This is just a running at the fingers marker post, a diary page for the weblog. I have a special Sunday post almost written, but it involves some (great Americana) artwork by a living artist, and I’d like to use more than small “fair use” thumbnails.
I would probably be within fair use using the low-res versions I want to use, but these pieces are so meaningful to me that I want to be as respectful to the artist as possible.
So—hopefully—you’ll be seeing that article down the road one of these Sundays. I’ll just give you a one-word clue for now. It’ll be a giveaway for anyone familiar with the works in question and likely utterly useless for everyone else (at least those not motivated to Go Ogle for it). The word is: Hipshot.
Instead, I thought I’d ramble on a bit about work and what I do for a living.
At least, it’s what I do for another 13 weeks, assuming I follow through with my plans to take early retirement. Frankly, I can’t see any reason why not. I sometimes feel guilty knowing that I will leave a hole, but my guilt evaporates every time I actually walk into work.
It’s been even worse the last few weeks. I have done almost nothing for three weeks, because I’m waiting for others to complete their work. What’s worse is that I’m sitting next to this guy with that “Restless Leg Syndrome,” and it’s driving me buggy.
I do not quite understand how someone can sit vibrating their leg like that and apparently not even know it. That level of a lack of self-awareness is completely beyond me. But it does seem that people can be incredibly obvious to the most basic things sometimes. The “situational awareness challenged” I call them.
Here’s another one that makes me crazy: the tendency to camp in an obvious walkway and have a conversation. Meanwhile those of us trying to walk somewhere have to edge around them. Some of the corridor and walkways at work are narrow enough that it creates an obstruction, especially when there is two-way traffic.
If they at least made an effort to hug the wall, I’d be forgiving (although the proper behavior in my mind is to find a less obstructive place to chat). It’s the complete oblivion to the situation that gets under my skin. Or maybe it’s the sense of entitlement or the casual disregard for others. There’s just no way to frame it in my mind that makes it acceptable.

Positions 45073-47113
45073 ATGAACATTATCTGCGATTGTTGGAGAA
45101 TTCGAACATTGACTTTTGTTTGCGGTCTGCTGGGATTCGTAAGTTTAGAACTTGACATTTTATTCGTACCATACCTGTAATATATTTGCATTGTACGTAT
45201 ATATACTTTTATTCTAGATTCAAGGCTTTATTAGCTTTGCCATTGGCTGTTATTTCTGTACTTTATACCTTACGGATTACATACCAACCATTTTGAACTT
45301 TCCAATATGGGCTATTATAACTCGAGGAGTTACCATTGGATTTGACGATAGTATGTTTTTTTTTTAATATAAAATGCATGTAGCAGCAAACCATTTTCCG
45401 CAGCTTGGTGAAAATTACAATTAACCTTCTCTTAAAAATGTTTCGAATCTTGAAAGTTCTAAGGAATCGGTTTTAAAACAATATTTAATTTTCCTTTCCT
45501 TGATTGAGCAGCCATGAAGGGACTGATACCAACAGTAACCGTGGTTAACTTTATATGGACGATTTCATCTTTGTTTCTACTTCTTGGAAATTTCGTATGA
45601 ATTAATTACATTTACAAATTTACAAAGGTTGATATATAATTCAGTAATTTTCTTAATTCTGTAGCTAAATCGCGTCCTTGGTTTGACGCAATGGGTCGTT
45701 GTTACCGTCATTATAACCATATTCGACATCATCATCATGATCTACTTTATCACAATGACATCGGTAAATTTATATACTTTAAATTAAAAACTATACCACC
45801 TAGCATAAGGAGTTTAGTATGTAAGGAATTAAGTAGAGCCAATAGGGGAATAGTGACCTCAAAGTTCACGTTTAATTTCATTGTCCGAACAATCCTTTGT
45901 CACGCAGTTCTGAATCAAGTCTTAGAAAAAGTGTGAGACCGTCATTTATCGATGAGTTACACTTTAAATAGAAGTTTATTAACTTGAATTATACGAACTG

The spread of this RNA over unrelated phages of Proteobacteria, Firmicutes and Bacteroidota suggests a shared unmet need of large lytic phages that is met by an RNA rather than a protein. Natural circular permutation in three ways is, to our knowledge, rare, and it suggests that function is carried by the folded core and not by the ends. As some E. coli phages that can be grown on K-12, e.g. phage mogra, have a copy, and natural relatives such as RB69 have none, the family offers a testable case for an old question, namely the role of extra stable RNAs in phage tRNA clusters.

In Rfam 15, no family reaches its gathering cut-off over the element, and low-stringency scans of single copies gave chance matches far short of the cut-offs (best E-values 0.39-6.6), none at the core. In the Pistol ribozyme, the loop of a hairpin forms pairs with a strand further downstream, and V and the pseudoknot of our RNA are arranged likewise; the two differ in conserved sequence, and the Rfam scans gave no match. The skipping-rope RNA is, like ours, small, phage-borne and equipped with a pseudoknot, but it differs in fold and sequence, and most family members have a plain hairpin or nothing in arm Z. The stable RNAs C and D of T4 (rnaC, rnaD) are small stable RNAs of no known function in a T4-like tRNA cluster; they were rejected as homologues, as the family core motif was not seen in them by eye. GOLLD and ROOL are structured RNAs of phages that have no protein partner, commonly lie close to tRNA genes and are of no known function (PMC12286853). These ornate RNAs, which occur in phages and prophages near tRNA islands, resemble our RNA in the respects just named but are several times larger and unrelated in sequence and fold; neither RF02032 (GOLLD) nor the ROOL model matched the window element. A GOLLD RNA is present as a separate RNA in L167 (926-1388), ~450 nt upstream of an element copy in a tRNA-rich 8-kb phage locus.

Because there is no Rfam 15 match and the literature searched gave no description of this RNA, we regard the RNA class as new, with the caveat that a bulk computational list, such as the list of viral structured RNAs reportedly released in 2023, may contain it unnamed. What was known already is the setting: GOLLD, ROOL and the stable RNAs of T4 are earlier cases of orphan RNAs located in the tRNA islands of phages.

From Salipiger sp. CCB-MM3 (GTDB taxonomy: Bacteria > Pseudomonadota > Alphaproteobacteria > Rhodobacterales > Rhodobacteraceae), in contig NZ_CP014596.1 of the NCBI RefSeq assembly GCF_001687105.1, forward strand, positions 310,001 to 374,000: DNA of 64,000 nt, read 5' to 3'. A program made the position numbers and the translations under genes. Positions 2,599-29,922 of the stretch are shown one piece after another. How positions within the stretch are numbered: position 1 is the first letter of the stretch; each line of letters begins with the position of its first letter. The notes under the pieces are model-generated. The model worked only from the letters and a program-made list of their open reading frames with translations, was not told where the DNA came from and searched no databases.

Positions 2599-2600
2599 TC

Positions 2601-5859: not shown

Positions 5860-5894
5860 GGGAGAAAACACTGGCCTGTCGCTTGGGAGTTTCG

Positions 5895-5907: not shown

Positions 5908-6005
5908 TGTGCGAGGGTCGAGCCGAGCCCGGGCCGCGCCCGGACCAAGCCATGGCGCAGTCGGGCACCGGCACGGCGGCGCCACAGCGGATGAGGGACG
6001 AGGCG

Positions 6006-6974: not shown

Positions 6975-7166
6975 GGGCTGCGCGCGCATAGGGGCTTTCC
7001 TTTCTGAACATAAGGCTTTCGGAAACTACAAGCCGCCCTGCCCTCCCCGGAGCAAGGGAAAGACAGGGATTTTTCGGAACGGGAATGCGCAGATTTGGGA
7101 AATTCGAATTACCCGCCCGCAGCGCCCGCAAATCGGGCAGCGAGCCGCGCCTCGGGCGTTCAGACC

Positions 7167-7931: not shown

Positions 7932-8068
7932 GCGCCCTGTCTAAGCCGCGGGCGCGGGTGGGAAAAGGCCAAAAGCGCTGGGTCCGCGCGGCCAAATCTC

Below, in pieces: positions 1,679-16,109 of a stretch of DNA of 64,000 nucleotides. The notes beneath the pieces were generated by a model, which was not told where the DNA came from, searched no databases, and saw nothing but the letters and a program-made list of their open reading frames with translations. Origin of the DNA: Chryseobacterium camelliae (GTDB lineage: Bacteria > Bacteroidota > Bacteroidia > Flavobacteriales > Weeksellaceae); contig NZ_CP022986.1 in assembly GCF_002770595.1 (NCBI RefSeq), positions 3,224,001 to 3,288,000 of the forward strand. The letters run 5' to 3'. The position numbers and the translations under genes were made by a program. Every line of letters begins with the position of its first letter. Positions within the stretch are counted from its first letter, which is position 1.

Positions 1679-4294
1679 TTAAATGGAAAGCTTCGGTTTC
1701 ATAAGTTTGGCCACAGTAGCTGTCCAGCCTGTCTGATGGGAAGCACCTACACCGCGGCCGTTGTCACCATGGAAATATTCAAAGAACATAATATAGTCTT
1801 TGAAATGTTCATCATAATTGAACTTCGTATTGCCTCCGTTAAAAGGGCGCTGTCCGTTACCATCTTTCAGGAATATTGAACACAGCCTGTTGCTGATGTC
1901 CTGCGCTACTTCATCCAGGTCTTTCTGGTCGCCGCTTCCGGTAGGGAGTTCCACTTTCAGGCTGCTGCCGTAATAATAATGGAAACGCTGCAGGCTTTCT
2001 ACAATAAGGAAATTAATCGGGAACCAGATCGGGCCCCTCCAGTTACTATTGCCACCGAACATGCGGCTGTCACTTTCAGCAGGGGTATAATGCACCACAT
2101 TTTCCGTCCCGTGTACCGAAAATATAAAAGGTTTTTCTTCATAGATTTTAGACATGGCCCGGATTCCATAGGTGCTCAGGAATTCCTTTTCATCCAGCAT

But I digress. Where was I? Ah, yes, Restless Leg Syndrome.
I don’t know if that’s a real ailment or just more bullshit to sell drugs. It sort of plays to me like someone who just has no discipline. Just. Sit. Still. How hard is that? If you’re “restless,” go for a run, get some exercise, get laid, but just (please!) stop vibrating your leg.
It wouldn’t be a huge issue if it weren’t for the stupidest decision my company has ever made. I was a field tech at first, so I had a company van and drove around. But once they invited me to HQ, I had a cubical. I’ve had a cubical of one kind or another for 29 years.
And The Company has always been very precise about matching your physical work situation with your status. I know of situations where space requirements forced giving someone an office with a window when they didn’t rank the privilege. So The Company boarded up the window!
That may seem bizarre, but it’s based on the principle of fairness, which is a key principle from my upbringing, and therefore is a principle I understand and accept.
Now, due to poor planning, they’ve got us all sitting at desks in rows. No privacy of any kind. And more to the point, nothing to block the visual field of people moving around and having discussions.
And so, 33 years of experience in the company, almost 40 years of experience in software systems, over 9 years of experience in this IT division, and an extremely deep and broad skill set… and I’m sitting at a fucking desk with people with very little experience or training.